In a variation on the idea that you have to give up power to gain strength, regional skilled care provider Guardian Healthcare is actively working to decentralize its operations.
In doing so, Guardian’s leaders hope to see specific facilities better serve referral sources, increase their capabilities and improve patient care. Operators around the country are keeping an eye on the move, which is about six months underway.
“It’s really the desire to break down those barriers that are sometimes created inadvertently by a centralized model,” said Michael Herald, president and CEO of Guardian Healthcare
Founded in 1995, Guardian has grown to 35 skilled nursing communities in Pennsylvania and West Virginia. Overall, it has more than 3,800 skilled nursing personal care and independent living units, as well as an in-house pharmacy that serves people inside and beyond the company’s patient base.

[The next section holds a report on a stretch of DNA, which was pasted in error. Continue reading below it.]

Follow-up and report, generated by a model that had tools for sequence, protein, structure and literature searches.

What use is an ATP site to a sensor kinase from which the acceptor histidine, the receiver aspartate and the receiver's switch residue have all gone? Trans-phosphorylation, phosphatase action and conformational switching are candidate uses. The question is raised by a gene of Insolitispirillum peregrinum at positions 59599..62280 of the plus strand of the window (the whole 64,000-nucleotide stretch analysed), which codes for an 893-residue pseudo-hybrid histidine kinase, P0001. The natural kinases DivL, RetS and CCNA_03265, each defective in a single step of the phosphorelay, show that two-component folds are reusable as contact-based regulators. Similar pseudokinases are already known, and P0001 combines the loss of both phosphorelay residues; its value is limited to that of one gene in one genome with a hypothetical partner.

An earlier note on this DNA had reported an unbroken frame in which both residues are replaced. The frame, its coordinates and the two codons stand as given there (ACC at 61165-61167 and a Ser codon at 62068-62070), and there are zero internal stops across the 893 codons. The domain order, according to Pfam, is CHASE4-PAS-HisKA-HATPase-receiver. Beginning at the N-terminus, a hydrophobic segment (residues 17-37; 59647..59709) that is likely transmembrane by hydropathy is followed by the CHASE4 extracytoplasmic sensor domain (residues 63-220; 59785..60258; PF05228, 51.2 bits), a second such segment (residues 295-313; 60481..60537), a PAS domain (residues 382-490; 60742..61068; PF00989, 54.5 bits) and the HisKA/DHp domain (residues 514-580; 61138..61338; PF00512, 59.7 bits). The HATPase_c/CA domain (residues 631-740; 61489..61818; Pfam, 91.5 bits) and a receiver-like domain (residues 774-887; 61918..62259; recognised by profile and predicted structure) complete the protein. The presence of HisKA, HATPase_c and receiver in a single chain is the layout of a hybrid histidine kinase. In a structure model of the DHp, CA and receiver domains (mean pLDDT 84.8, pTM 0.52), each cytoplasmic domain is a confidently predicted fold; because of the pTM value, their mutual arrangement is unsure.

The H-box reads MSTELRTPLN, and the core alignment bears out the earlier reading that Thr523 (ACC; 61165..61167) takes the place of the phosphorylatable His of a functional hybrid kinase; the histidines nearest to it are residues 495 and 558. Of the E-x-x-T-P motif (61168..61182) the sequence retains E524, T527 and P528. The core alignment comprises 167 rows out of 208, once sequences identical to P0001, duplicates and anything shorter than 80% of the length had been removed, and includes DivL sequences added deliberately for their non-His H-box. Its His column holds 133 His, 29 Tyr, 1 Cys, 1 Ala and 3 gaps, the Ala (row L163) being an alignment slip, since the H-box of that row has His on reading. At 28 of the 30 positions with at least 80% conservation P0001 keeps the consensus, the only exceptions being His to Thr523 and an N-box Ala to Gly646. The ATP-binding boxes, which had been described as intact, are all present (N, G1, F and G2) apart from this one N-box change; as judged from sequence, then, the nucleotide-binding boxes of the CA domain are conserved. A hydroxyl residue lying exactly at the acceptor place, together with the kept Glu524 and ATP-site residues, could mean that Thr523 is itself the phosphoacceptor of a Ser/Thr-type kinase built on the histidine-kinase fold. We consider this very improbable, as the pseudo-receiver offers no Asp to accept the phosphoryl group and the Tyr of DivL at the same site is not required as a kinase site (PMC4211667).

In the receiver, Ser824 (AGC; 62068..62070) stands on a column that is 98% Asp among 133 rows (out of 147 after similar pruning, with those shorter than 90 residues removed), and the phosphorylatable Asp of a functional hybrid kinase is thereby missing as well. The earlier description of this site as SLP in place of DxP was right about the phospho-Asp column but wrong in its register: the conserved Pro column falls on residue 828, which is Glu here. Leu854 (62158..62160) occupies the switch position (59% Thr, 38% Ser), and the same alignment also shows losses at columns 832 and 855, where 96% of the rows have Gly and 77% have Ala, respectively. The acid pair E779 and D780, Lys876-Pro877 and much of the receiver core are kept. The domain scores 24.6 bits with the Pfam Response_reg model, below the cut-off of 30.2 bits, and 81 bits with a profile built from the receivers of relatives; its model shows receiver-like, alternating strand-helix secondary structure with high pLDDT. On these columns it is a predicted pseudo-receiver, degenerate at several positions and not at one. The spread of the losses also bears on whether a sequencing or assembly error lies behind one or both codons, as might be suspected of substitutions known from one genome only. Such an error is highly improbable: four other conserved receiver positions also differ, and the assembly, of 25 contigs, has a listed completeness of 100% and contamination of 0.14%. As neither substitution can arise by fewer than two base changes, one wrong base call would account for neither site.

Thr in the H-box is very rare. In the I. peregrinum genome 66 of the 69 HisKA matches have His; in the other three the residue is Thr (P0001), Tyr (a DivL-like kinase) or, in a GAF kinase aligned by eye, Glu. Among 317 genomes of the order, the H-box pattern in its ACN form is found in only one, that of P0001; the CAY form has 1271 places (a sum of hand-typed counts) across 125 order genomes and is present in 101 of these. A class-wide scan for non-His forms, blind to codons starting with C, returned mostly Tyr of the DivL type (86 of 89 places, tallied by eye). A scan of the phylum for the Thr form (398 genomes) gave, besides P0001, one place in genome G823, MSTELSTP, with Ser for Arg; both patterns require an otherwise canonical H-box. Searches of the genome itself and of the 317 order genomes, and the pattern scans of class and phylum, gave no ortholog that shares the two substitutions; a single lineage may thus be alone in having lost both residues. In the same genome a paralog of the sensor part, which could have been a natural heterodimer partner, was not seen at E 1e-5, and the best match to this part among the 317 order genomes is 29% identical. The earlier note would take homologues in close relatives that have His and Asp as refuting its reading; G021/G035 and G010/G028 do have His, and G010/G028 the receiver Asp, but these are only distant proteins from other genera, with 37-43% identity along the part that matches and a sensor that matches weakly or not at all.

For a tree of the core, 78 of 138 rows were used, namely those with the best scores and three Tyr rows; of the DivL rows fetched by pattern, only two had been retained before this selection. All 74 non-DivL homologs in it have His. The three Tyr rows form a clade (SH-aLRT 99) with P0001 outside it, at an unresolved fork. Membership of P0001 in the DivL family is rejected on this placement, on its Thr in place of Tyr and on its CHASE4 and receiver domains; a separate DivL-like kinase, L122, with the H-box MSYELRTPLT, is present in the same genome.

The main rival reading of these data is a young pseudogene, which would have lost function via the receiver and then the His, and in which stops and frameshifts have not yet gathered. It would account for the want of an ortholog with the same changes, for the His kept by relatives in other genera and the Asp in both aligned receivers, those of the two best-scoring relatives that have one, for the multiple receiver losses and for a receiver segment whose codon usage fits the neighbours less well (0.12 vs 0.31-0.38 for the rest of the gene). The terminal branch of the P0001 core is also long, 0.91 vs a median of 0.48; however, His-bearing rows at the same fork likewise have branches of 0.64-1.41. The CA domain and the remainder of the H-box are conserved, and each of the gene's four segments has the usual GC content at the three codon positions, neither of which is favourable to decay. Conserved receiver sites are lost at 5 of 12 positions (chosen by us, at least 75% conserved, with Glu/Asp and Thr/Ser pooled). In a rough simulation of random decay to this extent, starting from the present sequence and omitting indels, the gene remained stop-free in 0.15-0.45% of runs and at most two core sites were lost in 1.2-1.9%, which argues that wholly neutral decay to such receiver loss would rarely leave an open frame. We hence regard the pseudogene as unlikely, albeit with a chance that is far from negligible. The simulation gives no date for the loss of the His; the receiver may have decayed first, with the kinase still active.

“We are one of the largest providers in Pennsylvania. We tend to have sites that are within a close radius of each other. Sometimes it’s 10 miles, sometimes it’s 20 or 30 miles,” Herald told McKnight’s Long-Term Care News. “When you have a large, centralized model, we saw that sometimes our sites weren’t collaborating, communicating and working together as effectively as possible. This approach is really meant to be a strategy to help us to work more effectively with our referral sources. It also helps us to ultimately provide better care at higher levels of acuity care to meet all of the varying needs of residents within these communities.”
A big challenge in devising the new operational structure was creating clear expectations and ways to route information.